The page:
8 Remedies for Minor Pet Emergencies
1. Problem: Nail injury. Dogs and cats can slice up their nails in a variety of ways - everything from a too-close nail trim that nicks the quick, to running outdoors over sharp rocks. Solution: Styptic powder. If you don't have styptic powder on hand, for minor bleeding grab either cornstarch or flour from your kitchen, pour some into a small bowl, and dip the injured paw into the powder to stop the bleeding. 2. Problem: Bee sting. Most bee stings occur on a paw or the face. Not only are bee stings painful, but your pet could also have an allergic reaction. Solution: Credit card and quercetin. If you need to remove ...
Source: Healthy Living - The Huffington Post - June 1, 2016 Category: Consumer Health News Source Type: news
Man has pumpkin-sized tumour removed from his neck after 25 YEARS
Ian Crow, 66, from Sc.horpe, had a a pleomorphic adenoma, a benign tumour of the salivary glands. He let it grow for so long because it 'became a part of him,' he said. (Source: the Mail online | Health)
Source: the Mail online | Health - May 24, 2016 Category: Consumer Health News Source Type: news
5 Steps for the Perfect Smoothie for Weight Loss
There are so many reasons to start drinking smoothies, especially for breakfast, lunch, or a snack. Here are five of them: We all know we need to eat more fruits and vegetables, and get more antioxidants, vitamins, and healthy fats into our diet. A good smoothie has all of that. Smoothies are great for busy people -- especially people who don't like to cook -- because they're fast! At the same time, making smoothies can help you connect with your kitchen. Smoothies introduce you to the grocery store's produce aisle, and all its possibilities. You know every single ingredient that's in a smoothie you make yourself (unl...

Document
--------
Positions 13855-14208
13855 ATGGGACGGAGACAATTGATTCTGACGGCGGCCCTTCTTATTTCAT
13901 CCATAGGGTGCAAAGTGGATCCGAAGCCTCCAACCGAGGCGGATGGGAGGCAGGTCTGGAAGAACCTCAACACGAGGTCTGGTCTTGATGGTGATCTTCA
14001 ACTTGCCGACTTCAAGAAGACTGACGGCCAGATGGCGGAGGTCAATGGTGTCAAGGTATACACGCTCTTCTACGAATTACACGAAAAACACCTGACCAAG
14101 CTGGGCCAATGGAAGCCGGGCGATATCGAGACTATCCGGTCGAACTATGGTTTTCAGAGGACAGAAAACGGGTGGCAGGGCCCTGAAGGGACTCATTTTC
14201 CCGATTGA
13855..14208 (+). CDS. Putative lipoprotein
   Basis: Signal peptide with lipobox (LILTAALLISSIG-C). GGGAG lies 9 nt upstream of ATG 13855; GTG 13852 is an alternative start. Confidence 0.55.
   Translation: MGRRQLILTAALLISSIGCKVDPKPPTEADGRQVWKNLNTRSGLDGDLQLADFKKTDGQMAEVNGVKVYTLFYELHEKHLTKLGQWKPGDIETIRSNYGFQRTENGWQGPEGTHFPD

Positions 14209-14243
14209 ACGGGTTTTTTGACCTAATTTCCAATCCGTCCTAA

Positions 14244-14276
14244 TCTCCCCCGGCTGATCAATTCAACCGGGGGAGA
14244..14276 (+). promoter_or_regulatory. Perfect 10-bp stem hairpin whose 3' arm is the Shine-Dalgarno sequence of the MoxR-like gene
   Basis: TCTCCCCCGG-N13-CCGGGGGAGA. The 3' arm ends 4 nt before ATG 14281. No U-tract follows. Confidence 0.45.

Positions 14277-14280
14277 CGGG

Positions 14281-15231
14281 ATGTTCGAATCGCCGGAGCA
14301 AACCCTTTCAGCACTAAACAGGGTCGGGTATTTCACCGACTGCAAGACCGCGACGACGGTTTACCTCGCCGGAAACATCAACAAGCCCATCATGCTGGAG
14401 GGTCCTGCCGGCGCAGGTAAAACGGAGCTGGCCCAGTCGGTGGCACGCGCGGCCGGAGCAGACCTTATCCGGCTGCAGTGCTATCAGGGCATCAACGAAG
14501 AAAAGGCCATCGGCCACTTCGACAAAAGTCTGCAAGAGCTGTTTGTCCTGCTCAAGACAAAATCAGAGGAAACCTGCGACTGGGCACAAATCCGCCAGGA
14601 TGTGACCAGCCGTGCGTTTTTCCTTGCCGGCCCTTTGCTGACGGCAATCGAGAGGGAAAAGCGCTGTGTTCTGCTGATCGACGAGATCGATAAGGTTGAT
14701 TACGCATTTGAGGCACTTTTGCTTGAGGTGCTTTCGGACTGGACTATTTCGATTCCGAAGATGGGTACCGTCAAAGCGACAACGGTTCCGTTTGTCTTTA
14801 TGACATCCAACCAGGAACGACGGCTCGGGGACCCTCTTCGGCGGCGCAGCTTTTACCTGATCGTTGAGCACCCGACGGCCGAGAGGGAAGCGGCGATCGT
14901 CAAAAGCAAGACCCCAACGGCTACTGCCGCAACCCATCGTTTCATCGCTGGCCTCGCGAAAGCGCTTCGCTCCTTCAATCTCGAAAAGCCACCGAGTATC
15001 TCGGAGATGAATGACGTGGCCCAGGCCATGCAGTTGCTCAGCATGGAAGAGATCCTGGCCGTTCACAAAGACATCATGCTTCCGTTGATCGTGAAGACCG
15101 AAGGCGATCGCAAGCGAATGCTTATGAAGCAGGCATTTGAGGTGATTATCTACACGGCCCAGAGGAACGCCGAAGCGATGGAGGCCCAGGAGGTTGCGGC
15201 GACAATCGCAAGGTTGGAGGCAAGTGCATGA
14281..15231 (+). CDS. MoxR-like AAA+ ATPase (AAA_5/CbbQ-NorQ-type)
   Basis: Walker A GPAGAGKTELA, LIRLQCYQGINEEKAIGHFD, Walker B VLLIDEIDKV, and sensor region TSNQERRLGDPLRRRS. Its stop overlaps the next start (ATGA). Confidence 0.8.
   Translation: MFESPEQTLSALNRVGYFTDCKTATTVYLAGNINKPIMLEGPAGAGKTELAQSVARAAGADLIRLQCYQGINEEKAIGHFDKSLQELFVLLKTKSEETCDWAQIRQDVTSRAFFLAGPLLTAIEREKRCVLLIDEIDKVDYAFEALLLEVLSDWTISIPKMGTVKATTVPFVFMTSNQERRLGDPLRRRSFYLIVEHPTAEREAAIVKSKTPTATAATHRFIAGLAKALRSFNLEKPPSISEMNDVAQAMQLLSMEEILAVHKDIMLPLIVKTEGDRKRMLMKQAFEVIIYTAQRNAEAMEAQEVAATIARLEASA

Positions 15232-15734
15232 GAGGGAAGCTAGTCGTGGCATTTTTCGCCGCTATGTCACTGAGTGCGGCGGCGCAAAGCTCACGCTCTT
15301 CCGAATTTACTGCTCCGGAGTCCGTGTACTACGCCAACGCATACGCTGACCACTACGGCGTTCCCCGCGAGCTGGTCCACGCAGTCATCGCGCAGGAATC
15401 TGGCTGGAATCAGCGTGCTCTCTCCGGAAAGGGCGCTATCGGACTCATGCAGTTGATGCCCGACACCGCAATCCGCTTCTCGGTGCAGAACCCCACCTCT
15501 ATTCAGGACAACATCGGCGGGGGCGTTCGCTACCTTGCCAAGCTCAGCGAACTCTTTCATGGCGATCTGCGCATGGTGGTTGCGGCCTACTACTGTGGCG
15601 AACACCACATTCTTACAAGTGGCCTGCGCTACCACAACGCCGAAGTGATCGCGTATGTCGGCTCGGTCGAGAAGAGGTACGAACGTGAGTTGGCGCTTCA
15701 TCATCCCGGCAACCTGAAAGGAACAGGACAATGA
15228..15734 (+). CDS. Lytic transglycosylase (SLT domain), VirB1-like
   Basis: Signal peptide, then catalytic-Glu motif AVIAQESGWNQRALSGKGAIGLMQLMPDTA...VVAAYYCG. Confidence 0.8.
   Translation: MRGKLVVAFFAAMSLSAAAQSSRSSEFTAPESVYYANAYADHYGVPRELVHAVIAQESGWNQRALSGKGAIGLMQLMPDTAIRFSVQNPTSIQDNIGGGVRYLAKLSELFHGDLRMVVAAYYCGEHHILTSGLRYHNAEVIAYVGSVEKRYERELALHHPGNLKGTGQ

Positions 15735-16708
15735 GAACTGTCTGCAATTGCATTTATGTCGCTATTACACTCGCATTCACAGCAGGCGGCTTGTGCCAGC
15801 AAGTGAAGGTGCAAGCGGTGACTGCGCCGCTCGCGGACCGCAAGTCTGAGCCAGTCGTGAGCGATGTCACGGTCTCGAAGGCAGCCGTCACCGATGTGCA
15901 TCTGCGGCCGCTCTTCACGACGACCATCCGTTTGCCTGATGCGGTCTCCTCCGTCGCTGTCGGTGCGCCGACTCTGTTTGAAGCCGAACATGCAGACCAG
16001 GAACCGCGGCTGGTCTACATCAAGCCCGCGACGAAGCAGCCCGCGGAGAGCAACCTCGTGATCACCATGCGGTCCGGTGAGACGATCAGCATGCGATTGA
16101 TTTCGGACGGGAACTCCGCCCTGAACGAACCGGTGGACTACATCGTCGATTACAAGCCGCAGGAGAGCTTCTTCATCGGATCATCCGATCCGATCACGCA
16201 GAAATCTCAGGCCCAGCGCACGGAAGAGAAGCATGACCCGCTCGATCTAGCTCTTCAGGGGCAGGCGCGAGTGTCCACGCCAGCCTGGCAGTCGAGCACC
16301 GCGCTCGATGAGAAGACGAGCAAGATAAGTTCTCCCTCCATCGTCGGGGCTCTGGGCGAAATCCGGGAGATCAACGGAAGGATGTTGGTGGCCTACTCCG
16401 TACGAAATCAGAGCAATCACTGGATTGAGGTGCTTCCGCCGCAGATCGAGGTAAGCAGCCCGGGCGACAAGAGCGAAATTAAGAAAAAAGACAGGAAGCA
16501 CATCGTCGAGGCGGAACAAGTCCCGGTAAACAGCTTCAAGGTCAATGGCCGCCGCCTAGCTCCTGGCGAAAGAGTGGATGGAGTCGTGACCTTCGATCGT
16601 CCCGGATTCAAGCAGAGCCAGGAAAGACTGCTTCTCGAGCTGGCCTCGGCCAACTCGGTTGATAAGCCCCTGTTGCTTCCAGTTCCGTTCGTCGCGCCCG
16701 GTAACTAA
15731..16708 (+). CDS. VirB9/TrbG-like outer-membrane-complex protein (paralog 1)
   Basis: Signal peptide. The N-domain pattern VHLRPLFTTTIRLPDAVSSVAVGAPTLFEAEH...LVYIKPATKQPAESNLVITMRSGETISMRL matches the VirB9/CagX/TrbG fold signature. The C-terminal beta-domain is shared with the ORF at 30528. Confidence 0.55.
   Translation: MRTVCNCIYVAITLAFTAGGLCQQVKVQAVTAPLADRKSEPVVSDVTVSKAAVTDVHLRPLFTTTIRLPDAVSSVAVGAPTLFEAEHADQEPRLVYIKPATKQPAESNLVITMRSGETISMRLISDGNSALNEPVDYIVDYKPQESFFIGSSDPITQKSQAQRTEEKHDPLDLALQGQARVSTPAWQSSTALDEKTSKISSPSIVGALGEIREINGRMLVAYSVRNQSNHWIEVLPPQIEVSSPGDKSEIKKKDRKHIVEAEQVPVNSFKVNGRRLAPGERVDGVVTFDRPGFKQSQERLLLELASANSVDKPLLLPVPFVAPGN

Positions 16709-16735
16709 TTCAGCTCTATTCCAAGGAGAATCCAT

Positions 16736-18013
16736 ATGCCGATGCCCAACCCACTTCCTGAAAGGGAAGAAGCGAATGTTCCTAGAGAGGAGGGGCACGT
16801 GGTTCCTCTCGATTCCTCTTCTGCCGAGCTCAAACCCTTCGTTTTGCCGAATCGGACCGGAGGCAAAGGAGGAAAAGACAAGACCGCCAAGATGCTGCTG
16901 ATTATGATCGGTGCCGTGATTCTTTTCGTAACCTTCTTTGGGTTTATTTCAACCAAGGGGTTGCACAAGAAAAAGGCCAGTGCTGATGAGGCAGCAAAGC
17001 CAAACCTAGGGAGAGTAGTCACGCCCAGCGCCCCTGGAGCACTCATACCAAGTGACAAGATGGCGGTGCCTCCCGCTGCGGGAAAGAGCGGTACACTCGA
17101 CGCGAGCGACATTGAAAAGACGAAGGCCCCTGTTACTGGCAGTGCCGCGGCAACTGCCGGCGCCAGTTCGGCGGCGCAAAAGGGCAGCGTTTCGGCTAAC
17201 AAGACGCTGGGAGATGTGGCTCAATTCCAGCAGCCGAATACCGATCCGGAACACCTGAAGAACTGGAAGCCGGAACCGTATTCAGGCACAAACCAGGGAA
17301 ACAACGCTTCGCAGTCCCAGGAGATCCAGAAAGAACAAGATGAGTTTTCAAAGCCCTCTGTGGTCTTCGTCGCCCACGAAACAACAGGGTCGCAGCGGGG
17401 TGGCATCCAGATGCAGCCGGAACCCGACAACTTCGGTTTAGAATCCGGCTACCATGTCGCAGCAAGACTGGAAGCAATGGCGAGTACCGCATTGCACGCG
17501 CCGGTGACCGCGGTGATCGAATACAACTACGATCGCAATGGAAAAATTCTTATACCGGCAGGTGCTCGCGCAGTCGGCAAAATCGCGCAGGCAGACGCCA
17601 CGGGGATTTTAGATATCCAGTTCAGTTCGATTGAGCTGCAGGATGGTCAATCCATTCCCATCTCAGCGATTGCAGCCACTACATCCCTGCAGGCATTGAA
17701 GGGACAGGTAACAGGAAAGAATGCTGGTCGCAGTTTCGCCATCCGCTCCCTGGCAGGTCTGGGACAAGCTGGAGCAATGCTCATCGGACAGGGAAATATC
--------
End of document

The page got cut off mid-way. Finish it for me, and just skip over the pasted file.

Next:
Source: Healthy Living - The Huffington Post - May 9, 2016 Category: Consumer Health News Source Type: news
Nutrition: An Opportunity to Advance Health Equity
Did you know that your zip code can be a predictor of your health? So can your place of birth, where you work and play, your income and education, and a host of other factors -- in addition to the choices you make each day about what to eat. These factors, what public health professionals recognize as "social determinants of health," are linked to the inequities in health and health care (health disparities), among racial and ethnic minorities in America. During National Minority Health Month each April, the U.S. Department of Health and Human Services (HHS) Office of Minority Health (OMH) leads the nation in raising awa...
Source: Healthy Living - The Huffington Post - April 28, 2016 Category: Consumer Health News Source Type: news
A Nutritionist's Guide to Stocking a Healthy Kitchen
It's no secret that preparing our own meals makes it easier to stick to a healthy-eating plan. You know the ingredients going into your food, and there's no sneaky extra sodium, sugar or calorie bombs hiding in home-cooked meals. That being said, it can also be time consuming to make everything at home, not to mention the time it takes to go to the grocery store if all the elements aren't already in your kitchen. One way to make it a little easier is to ensure that your kitchen is always stocked with what you need -- ingredients that are satisfying to your taste buds and easy to prepare, whether you are enjoying a relaxing...